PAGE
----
While I don’t disagree there is opportunity here to lessen the tax increases, it is not consistent with last years budget. 12 months ago we were in a very similar position financially with this fund and yet we still put $11 million into it. Why no reduction then?
Again, I’m not here to discredit the financial engineering, but it is undeniably masking over huge increases in city side spending.
One more time. Page. X (pdf page 21)
Not only are the schools asking for too much, but so are others.
David Muccigrosso February 28, 2023 at 9:23 am
Lisa, while I agree with your concern for our overloaded infrastructure, I think you’re missing the bigger picture.
For one, what money we DID get for infrastructure was overwhelmingly spent on some sidewalks that won’t be used for several years. Meanwhile, the streets that desperately need more crosswalks – Water St. between the SoNo Annex and its parking lot, and N Main, among MANY others in SoNo – are getting ignored.
For another, you’re absolutely right that the “fortresses” are ugly boondoggles — and I’d lump in the mall as well — but that doesn’t erase the fact that we’re in a national housing crisis.
Just to reiterate what I always say, if we want “gentle density” without disruptive “fortresses”, we need to upzone everywhere to automatically allow the next increment of density. Let the market take its course, and get everyone’s nosy neighbors out of each other’s business.
And let’s stop wasting money on infrastructure where it’s least needed, so we can spend it on the places that absolutely DO need it, like SoNo. A dollar spent fixing a sidewalk in SoNo is going to go a LOT farther than a dollar spent fixing a sidewalk in Rowayton (no offense, Lisa!).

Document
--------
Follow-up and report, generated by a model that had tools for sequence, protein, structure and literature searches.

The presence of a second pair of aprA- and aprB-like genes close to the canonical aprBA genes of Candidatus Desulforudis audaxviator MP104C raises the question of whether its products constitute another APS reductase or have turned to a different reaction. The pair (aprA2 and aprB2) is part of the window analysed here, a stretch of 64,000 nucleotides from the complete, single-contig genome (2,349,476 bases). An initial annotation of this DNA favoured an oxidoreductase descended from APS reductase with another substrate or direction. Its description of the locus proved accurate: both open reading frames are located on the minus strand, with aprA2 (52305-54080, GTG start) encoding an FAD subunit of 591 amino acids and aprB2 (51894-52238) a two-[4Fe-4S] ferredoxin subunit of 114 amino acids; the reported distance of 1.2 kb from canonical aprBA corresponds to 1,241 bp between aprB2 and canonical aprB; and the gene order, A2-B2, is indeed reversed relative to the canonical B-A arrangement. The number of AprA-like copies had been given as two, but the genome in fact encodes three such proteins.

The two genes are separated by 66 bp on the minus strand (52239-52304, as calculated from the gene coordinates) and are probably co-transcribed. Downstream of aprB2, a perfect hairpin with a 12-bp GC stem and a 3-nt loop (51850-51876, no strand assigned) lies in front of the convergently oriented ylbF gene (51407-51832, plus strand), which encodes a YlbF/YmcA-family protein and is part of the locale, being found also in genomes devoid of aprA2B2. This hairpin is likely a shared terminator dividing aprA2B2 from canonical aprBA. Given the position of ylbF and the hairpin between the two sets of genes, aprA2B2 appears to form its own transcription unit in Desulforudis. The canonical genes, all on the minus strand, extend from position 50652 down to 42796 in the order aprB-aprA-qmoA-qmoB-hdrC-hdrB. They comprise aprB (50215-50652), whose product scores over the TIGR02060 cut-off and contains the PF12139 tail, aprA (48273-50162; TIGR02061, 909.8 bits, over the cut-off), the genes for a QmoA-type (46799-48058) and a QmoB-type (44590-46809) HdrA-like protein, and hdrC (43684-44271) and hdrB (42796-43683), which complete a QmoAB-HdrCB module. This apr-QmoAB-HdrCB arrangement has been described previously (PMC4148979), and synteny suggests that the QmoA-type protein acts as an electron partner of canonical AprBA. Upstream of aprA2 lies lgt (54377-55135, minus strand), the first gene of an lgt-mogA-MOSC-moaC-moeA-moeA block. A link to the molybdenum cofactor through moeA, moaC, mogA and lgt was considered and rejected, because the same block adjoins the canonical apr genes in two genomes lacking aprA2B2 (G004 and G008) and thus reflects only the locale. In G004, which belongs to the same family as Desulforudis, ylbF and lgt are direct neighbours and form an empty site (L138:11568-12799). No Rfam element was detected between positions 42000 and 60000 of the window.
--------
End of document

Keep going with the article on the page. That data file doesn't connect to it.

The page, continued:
Bryan Meek February 28, 2023 at 12:03 pm
So OPEB was funded at 97% on the 6/30/22 balance sheet date. Actuarially speaking this is a very comfortable number.
What I take issue with is this is being forecasted as a 1 time reduction. Not a series of lesser inflows at completely at odds with recent historical contributions.
P.321 (pdf page# 347) https://www.norwalkct.org/DocumentCenter/View/29072/FY2024-Recommended-Operating-Budget?bidId=
I like playing the market too, but I don’t think it’s that good of a strategy for a 110 year old entity that plans to be around for awhile.
I would feel better about the drawdown if it was permanent. Not a one time gimmick.
Bryan Meek February 28, 2023 at 12:07 pm
Tax credits and abatements have been around for sure, but to blame an ordinance from 1982….puhleeze. Maybe pot stores and leaf pack blower bans will fix things?
David Muccigrosso February 28, 2023 at 5:31 pm
After reading that report, @Bryan, I’m more appalled that the motto on the Norwalk seal just uncreatively rips off the federal government’s E Pluribus Unum.
I propose that in the Town Charter update, we revise the motto to this: “Numquam Fluvias Cruciate”
If you can get this done, well, I can’t exactly buy you a beer (that’d be bribery, ofc), but I’ll raise a toast to your name down at the Blind Rhino.
Bryan Meek March 1, 2023 at 10:26 am
Having studied Latin for 4 years I really like that. Although it would be more appropriate to say it takes a half hour to cross the river. I’m a big fan of the blind rhino. Best wings anywhere.
David Muccigrosso March 1, 2023 at 1:53 pm
Ahh, in this context, it’s not supposed to mean “river”, but “streams”… reread it, friend!